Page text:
I have used glm() to model some data I have. The code looks like the following:

for(ddm_idx in 1:90) {
    for(ppm_idx in 1:90) {
        mdfit <- glm(cuse[[4]] ~ cuse_ddm[[3 + ddm_idx]] + cuse_ddm[[3 + ddm_idx]]^2 + 
                                 cuse_ppm[[3 + ppm_idx]] + cuse_ppm[[3 + ppm_idx]]^2 + 
                                 cuse_ddm[[3 + ddm_idx]]*cuse_ppm[[3 + ppm_idx]], 
                     family=poisson(link=log))
        mdfit_dev[ddm_idx, ppm_idx] <- deviance(mdfit)
    }
}

It turns out that for each "case", I have about 90 different data points for ddm and ppm and so that's why I have the for loop run twice. I know this is correct because a post-doc in stats also ran the same in MATLAB and got the same results.

However, my next task to to use zero inflated Poisson distribution as I have a lot of zeros in my dataset. Some of these zeros are "true" zeros and some of them false.

How can I modify my code to use glm() for this distribution?

  • Could you clarify what you mean by a false zero? – Glen_b Mar 24 '14 at 3:24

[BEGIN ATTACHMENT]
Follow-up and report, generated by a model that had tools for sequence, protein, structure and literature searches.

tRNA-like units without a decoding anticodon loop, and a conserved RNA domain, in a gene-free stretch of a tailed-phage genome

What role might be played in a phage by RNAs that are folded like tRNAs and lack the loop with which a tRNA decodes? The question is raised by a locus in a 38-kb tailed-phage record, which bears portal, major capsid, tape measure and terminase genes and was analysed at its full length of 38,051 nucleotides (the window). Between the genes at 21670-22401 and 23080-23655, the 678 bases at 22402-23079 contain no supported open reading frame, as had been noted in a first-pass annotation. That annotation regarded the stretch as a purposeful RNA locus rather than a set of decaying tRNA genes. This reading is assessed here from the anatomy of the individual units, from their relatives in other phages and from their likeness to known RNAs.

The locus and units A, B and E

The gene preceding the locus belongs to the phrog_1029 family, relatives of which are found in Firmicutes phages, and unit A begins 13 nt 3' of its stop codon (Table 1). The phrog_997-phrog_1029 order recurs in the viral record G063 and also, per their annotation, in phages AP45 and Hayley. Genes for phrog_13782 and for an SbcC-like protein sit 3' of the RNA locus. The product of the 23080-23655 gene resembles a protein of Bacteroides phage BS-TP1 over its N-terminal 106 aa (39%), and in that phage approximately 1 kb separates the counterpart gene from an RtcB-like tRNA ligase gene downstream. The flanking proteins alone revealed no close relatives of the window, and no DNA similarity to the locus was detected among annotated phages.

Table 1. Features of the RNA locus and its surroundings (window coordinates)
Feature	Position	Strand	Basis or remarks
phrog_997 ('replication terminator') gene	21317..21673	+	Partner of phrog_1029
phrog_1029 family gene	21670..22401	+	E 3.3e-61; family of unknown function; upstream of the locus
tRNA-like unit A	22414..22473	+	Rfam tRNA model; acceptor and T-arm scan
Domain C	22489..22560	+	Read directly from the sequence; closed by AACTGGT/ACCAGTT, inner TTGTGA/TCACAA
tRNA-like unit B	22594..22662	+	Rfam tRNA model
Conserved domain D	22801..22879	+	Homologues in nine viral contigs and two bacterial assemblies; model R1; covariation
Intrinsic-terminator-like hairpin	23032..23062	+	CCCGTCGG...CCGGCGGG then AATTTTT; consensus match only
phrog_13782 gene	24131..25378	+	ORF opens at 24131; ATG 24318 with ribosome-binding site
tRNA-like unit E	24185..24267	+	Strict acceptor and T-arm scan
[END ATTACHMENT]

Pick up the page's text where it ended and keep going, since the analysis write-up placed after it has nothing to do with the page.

• 1
    Thanks. So both missing/NA and 0 are both coded as 0. – Glen_b Mar 24 '14 at 3:58
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    Do you know what regression is? As in the first sentence here? In Poisson regression (and glms more generally), regressors (predictors, independent variables) play the same conceptual role as in multiple linear regression. – Glen_b Mar 24 '14 at 4:14
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    This question appears to be off-topic because it is about asking for code. – gung Mar 27 '14 at 18:20
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    @gung Yes, this post does ask for code. But it also implicitly raises a question of how one could correctly handle mis-coded data in which true zeros are confounded with missing values. That question could only be answered here, not on SO, and a good answer would likely be much more useful than a pedestrian answer that points the OP to some blackbox code (which, if employed, would likely give bad results). – whuber Mar 27 '14 at 18:42
up vote 1 down vote accepted

zeroinfl() in the pscl package fits the zero-inflated Poisson regression model.

  • Welcome to the site, @pyoi. This isn't really an answer to the OP's question, it is more of a comment. Please only use the "Your Answer" field to provide answers. I know it's frustrating, but you will be able to comment anywhere when your reputation >50. Alternatively, you could expand this to make it more of an answer. Since you are new here, you may want to take our tour, which contains information for new users. – gung Mar 27 '14 at 18:22

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